Sarajevo, 30 August: Today, International Day of the Disappeared, families of the missing all around the world are calling for action to account for those who have disappeared as a consequence of conflict, natural disasters, crime, irregular migration and other causes.
In Sarajevo this morning, the International Commission on Missing Persons (ICMP) in cooperation with the BIH Ministry for Human Rights and Refugees, installed a temporary artwork representing missing persons in front of the Parliamentary Assembly of Bosnia and Herzegovina to highlight the issue and to call for the implementation of effective strategies to address it.
In Bosnia and Herzegovina, more than 70 percent of those who were missing at the end of the conflict have been accounted for, the highest rate of missing persons case resolution in any post-conflict society anywhere in the world – but many people are still missing.
“The families of at least 7,000 missing persons continue to endure the agony of not knowing the fate of their relatives, more than two decades after the end of conflict,” said Matthew Holliday, Head of ICMP’s Western Balkans Program. “Accounting for the missing is a moral obligation, but it is also – and this is crucial – a legal obligation; fulfilling this obligation advances and strengthens the rule of law. State responsibility and state action are therefore essential.”
BIH Minister for Human Rights and Refugees Semiha Borovac commended ICMP for all its support in accounting for the missing, and she urged “everyone who has information about missing persons to share this with the authorities”.
UK Ambassador Matt Field said it was not the case that there is little chance of locating and identifying missing persons because so much time has passed. It can be done – however, he stressed that “further progress on this issue requires political will, strong regional cooperation, and courage and openness to the public. Politicians and leaders of all communities in Bosnia and Herzegovina must show open support for the process of accounting for the missing.”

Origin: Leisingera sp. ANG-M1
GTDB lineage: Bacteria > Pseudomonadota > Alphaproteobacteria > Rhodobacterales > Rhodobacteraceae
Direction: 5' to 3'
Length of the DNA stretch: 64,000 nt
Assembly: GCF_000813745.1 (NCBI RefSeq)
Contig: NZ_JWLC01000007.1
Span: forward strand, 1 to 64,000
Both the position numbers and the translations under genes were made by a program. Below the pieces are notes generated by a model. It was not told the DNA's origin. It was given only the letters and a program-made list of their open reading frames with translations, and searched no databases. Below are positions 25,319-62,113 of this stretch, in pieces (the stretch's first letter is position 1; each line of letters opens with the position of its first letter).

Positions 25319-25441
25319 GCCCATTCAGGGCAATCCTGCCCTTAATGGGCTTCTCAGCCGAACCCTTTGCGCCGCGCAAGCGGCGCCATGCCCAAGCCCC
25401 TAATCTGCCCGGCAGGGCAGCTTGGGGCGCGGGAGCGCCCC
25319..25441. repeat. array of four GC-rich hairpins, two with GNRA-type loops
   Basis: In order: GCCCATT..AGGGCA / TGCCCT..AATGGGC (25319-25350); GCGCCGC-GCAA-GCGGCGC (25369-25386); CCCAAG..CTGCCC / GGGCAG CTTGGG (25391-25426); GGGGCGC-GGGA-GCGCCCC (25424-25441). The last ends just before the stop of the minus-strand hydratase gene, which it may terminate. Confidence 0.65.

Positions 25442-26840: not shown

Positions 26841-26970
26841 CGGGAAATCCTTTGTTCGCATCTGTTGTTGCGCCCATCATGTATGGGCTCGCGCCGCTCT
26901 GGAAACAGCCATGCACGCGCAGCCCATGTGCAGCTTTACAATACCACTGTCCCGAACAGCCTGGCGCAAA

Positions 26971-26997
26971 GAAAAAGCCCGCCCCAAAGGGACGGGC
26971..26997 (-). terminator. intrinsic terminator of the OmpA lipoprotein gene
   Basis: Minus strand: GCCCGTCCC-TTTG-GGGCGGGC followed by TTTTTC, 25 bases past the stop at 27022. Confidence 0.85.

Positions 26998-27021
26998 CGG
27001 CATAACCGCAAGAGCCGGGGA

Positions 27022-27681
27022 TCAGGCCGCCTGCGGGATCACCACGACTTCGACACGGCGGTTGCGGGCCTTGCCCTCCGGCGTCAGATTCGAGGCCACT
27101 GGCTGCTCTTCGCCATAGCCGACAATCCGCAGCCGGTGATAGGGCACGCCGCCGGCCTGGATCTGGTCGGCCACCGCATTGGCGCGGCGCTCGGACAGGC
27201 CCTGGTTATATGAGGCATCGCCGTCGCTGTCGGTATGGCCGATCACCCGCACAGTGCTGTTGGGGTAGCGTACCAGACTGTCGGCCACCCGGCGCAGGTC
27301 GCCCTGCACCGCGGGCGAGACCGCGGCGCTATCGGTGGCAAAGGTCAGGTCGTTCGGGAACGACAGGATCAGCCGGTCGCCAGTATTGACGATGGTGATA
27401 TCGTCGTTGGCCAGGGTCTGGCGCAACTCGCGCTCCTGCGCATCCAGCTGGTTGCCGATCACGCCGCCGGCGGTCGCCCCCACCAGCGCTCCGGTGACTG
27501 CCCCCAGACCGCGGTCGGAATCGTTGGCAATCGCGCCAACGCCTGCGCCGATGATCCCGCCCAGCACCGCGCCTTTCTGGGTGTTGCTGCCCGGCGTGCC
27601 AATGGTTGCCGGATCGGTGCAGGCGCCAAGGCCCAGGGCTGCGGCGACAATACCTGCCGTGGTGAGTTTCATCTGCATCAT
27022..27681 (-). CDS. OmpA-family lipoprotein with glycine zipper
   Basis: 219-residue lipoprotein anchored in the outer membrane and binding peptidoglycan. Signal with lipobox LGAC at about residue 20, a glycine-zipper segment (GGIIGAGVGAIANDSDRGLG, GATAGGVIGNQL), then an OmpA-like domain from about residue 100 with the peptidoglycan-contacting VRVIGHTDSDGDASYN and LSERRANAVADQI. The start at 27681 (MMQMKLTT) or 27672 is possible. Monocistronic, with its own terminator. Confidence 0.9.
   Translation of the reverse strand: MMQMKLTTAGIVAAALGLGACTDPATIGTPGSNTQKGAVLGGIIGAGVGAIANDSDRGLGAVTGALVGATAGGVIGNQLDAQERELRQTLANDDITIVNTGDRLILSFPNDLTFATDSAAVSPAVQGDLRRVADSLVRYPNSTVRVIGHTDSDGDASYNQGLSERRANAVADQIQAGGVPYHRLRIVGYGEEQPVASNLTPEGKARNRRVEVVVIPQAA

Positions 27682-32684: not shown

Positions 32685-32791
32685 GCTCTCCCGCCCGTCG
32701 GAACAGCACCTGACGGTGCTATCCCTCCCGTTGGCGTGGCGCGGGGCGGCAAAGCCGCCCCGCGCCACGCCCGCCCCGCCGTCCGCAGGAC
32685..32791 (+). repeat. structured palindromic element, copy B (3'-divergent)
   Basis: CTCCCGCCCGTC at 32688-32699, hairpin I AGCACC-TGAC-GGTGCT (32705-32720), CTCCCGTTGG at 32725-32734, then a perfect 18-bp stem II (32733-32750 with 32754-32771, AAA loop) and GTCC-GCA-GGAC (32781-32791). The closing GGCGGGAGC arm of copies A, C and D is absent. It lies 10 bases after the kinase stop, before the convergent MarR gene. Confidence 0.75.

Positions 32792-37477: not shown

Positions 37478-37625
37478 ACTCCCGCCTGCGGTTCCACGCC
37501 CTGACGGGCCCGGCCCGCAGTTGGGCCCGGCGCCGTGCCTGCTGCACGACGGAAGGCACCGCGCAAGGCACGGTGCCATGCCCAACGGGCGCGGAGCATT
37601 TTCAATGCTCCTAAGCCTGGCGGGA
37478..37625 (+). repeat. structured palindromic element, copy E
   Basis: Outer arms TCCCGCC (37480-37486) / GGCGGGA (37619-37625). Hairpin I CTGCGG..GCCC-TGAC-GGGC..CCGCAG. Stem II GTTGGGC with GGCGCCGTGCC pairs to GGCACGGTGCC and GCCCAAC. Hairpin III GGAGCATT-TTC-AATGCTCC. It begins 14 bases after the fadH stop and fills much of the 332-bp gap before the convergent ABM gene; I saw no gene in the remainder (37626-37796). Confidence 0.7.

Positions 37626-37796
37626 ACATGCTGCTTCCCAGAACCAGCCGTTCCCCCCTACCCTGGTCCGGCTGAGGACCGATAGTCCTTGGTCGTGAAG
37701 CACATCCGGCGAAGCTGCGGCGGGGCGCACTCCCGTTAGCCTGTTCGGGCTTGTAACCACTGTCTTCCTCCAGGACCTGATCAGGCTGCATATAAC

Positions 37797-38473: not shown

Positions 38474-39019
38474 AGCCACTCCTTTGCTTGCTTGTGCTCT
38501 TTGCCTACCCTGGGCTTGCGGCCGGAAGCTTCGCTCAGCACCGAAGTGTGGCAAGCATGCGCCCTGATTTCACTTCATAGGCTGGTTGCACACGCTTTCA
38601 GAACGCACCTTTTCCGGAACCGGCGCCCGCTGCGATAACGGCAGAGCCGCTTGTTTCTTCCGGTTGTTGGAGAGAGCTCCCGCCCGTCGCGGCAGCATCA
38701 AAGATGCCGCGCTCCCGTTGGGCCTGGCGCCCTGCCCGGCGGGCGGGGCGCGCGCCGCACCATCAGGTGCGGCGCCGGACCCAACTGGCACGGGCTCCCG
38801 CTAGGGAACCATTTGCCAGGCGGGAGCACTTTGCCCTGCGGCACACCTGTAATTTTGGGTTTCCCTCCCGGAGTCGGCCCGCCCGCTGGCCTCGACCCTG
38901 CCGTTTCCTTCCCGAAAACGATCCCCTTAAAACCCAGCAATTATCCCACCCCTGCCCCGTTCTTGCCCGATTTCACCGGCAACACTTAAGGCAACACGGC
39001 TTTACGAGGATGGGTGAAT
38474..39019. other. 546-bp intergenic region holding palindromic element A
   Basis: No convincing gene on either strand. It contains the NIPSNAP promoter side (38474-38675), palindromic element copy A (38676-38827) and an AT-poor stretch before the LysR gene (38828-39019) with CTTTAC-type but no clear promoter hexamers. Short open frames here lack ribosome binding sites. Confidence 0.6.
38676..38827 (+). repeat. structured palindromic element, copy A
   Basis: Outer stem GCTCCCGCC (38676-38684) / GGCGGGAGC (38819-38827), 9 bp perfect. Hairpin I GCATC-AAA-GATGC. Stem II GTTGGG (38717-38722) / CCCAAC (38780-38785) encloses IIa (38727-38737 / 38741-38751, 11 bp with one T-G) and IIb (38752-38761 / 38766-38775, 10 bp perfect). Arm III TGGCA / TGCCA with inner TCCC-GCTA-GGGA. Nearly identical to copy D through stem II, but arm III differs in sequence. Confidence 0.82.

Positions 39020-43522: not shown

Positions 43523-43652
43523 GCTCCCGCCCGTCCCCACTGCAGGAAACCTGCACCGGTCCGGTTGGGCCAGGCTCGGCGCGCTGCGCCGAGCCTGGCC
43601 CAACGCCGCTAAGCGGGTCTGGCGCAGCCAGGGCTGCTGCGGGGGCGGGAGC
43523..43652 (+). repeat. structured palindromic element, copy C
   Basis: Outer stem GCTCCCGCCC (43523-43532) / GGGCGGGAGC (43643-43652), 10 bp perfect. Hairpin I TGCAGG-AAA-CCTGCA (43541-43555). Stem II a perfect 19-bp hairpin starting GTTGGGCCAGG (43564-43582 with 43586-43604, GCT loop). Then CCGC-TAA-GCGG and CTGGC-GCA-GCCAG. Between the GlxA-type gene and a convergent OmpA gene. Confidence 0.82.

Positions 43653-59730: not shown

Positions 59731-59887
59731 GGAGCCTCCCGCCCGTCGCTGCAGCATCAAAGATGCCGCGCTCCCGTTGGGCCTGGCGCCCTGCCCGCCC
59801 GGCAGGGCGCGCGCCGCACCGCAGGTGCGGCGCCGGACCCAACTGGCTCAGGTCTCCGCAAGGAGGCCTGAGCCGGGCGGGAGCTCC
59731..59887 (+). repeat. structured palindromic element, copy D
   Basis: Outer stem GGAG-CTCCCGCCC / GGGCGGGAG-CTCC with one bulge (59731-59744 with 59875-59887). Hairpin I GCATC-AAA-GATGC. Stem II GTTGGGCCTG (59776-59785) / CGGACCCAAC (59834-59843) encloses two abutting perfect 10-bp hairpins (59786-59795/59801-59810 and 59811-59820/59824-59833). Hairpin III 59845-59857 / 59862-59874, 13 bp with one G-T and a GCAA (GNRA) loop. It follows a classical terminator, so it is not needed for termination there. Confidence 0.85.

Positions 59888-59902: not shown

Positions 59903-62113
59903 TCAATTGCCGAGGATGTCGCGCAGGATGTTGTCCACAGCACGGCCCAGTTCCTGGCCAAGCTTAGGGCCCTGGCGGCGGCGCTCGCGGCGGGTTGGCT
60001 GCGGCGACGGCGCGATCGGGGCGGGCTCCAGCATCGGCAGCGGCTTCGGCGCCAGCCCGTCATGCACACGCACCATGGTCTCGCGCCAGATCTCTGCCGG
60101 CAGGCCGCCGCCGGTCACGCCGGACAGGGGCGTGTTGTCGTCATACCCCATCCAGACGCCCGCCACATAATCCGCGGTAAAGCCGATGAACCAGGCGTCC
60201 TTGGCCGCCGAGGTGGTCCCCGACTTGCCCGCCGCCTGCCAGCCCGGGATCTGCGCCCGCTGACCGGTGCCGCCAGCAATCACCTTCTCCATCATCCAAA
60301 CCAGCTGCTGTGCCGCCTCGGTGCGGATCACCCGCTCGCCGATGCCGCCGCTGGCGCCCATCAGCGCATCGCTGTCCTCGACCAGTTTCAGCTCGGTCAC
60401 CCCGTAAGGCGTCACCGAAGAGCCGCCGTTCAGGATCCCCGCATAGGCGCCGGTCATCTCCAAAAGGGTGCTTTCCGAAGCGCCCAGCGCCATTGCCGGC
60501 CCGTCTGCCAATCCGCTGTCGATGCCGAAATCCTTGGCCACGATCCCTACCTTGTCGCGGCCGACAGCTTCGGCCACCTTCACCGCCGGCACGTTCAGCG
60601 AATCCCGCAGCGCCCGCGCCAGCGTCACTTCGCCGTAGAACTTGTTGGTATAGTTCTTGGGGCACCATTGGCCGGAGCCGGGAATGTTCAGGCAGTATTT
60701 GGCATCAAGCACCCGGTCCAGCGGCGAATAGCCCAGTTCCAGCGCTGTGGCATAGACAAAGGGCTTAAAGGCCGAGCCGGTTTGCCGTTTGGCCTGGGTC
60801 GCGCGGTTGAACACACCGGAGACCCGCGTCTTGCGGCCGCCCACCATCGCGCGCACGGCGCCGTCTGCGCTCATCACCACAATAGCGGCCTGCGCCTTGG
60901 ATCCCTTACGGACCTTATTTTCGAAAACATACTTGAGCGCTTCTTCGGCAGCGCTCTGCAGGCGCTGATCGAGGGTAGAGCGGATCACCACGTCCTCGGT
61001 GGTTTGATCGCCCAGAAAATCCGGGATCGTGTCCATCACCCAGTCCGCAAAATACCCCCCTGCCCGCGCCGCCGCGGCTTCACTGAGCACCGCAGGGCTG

US Ambassador Eric Nelson said the issue of missing persons is “a global problem” and Bosnia and Herzegovina “can be proud that three quarters of the missing have been accounted for. However, today we are here to declare solidarity with families of the thousands who are still missing.”
Khaldoun Sinno, Deputy Head of the EU Delegation to BIH, called for full implementation of the Law on Missing Persons, noting that, “The Fund for Families of the Missing must be established, and this is a duty for all levels of administration.”
Deputy Swedish Ambassador Torgny Svenungsson drew attention to the pain experienced by families of the missing. “Regardless of the circumstances of disappearances, families and friends will always look for answers, and we need to continue to work together in order to account for those who are still missing.”
Marko Jurisic, Member of the Board of Directors of the Missing Persons Institute said Bosnia and Herzegovina is a leader in accounting for the missing in the region and worldwide. “However, for all of those still looking for their loved ones, this bares almost no meaning. We in Bosnia and Herzegovina need to stop politicizing the process and invest all our efforts to account for all of them.”
Amir Kulaglic, Member of the Advisory Board of the Missing Persons Institute, called on all families of the missing to work together. “Only if we work together can we successfully resolve the fate of all missing persons, as well as bringing to justice those responsible for their disappearance,” Kulaglic said.
ICMP is a treaty-based international organization with Headquarters in The Hague, the Netherlands. Its mandate is to secure the cooperation of governments and others in locating missing persons from conflict, human rights abuses, disasters, organized crime, irregular migration and other causes and to assist them in doing so. It is the only international organization tasked exclusively to work on the issue of missing persons.